+
 
+
'''pkg_add -r dvd+rw-tools'''
+
 
+
Depending upon the type of DVD burner hardware, you may have to configure the system to use it. If the device is ATAPI (i.e. not USB or SCSI), the ATAPI driver must be loaded. The superuser can issue this command:
+
 
+
'''kldload atapicam'''
+
 
+
If you just get your prompt back, the driver successfully loaded. If you get the message "kldload: cannot load atapicam: File exists", this means that the driver was already loaded. If the device is USB or SCSI, no additional drivers need to be loaded if you are running the generic FreeBSD kernel. After inserting the DVD media into the device, you can start the burn using this command:
+
 
+
  '''growisofs -Z /dev/cd0=PCBSD9.1-x64-DVD.iso'''
+
 
+
If your device is not the first CD device, change the number 0 accordingly. If your ISO has a different name, substitute the correct name in the command shown above.
+
 
+
=== Burning the CD/DVD ISO File on a Mac OSX System ===
+
 
+
To burn the ISO on a Mac OSX system, go to "Finder ➜ Applications ➜ Utilities ➜ Disk Utility". With a blank media inserted into the burner, highlight the device representing the CD/DVD writer and click the "Burn" button. This will open up a browser where you can select the ISO to burn. In the example shown in Figure 2.5j, the DVD ISO has been selected and the device is a Sony DVD writer.
+
 
+
'''Figure 2.5j: Using Disk Utility on Mac OSX'''
+
 
+
[[File:Mac.png]]
+
 
+
Once the ISO is highlighted, click the "Burn" button. A pop-up message will indicate that the device is ready to burn. Click "Burn" once more and "Disk Utility" will write the ISO to the CD/DVD media.
+
  
 
=== Writing an ISO File to USB Using SUSE Studio ImageWriter ===
 
=== Writing an ISO File to USB Using SUSE Studio ImageWriter ===
  
'''THIS DOES NOT RESULT IN A BOOTABLE STICK, NEEDS MORE TESTING, DITTO FOR UNETBOOTIN'''
+
'''{{redlight|THIS DOES NOT RESULT IN A BOOTABLE STICK}} - {{redlight|NEEDS MORE TESTING}} - {{redlight|UNETBOOTIN ALSO DOES NOT WORK}}'''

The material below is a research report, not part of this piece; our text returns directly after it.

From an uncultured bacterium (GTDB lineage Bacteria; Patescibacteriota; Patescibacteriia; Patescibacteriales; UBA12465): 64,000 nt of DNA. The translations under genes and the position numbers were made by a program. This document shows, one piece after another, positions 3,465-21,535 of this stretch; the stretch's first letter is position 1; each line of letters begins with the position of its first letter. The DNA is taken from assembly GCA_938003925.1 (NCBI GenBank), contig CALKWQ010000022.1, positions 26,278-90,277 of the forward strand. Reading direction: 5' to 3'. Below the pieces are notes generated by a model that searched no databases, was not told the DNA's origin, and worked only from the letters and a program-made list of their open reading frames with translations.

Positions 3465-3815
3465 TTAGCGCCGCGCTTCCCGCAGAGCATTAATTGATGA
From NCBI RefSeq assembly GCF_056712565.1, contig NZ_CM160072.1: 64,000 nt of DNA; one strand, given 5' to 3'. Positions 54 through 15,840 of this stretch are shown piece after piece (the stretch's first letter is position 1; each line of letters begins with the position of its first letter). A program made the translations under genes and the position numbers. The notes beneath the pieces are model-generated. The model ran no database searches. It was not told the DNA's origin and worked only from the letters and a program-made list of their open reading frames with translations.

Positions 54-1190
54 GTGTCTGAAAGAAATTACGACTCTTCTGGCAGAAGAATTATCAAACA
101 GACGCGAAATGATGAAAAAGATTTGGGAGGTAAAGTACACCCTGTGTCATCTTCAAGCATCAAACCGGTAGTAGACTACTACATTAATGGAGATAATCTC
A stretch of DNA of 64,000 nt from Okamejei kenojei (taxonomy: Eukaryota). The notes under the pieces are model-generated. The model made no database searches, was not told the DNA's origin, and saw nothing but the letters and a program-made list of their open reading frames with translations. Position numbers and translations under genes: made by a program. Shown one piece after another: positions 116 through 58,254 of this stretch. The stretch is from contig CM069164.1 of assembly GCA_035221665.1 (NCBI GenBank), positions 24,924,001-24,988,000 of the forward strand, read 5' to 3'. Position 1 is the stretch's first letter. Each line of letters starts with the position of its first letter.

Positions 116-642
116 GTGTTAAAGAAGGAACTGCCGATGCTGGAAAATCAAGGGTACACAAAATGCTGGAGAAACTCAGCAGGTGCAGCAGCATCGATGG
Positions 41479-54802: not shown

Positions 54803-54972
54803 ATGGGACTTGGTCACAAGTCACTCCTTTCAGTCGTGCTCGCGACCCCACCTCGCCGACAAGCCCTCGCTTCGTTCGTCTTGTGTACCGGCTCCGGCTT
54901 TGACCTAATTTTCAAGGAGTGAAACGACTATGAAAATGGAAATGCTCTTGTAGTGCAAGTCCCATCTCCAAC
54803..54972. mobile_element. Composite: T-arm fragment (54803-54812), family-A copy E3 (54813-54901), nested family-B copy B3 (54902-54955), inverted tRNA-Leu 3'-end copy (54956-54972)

{{citelink|wp|url=SUSE_Studio_ImageWriter|txt=SUSE Studio ImageWriter}} is a utility for burning ISO files to a USB flash drive. It works on Linux and Windows.
+
{{citelink|wp|url=SUSE_Studio_ImageWriter|txt=SUSE Studio ImageWriter}} is a utility for burning ISO files to a USB flash drive. It works with Linux and Windows.
  
 
To use this utility, download {{citelink|url=https://github.com/downloads/openSUSE/kiwi/ImageWriter.exe|txt=ImageWriter.exe}}. If you open this executable on a Windows system, you will see the screen shown in Figure 2.5k.
 
To use this utility, download {{citelink|url=https://github.com/downloads/openSUSE/kiwi/ImageWriter.exe|txt=ImageWriter.exe}}. If you open this executable on a Windows system, you will see the screen shown in Figure 2.5k.
  
'''Figure 2.5k: Using ImageWriter in Windows'''
+
[[File:Mac2b.png|right|thumb|400px|'''Figure 2.5m: Extracting the Image on Mac''']]
 
+
[[File:Image_writer.png]]
+
  
 
Due to a bug in the Windows implementation, you will need to type ''*.*'' and press enter in order for the ISO file to show in the selection screen. Once you have selected the ISO and the USB device, click the "Copy" button to burn the image to the device. The application will warn that all existing data on the device will be deleted.
 
Due to a bug in the Windows implementation, you will need to type ''*.*'' and press enter in order for the ISO file to show in the selection screen. Once you have selected the ISO and the USB device, click the "Copy" button to burn the image to the device. The application will warn that all existing data on the device will be deleted.
Line 137: Line 109:
 
* a USB thumb drive or hard drive large enough to hold the image
 
* a USB thumb drive or hard drive large enough to hold the image
  
Once the image is written, boot from the removable device and proceed with the [[Installing PC-BSD®|PC-BSD® installation]].  
+
Once the image is written, boot from the removable device and proceed with the [[Installing PC-BSD®|PC-BSD® installation]].
  
==== Writing the IMG File on a Linux or BSD System ====
+
'''Note''': If there is a card reader on the system or used via USB dongle, the device enumeration may be affected. For example, with the USB card reader dongle as the destination for the image burn below, it would be ''/dev/da1'' instead of ''/dev/da0''.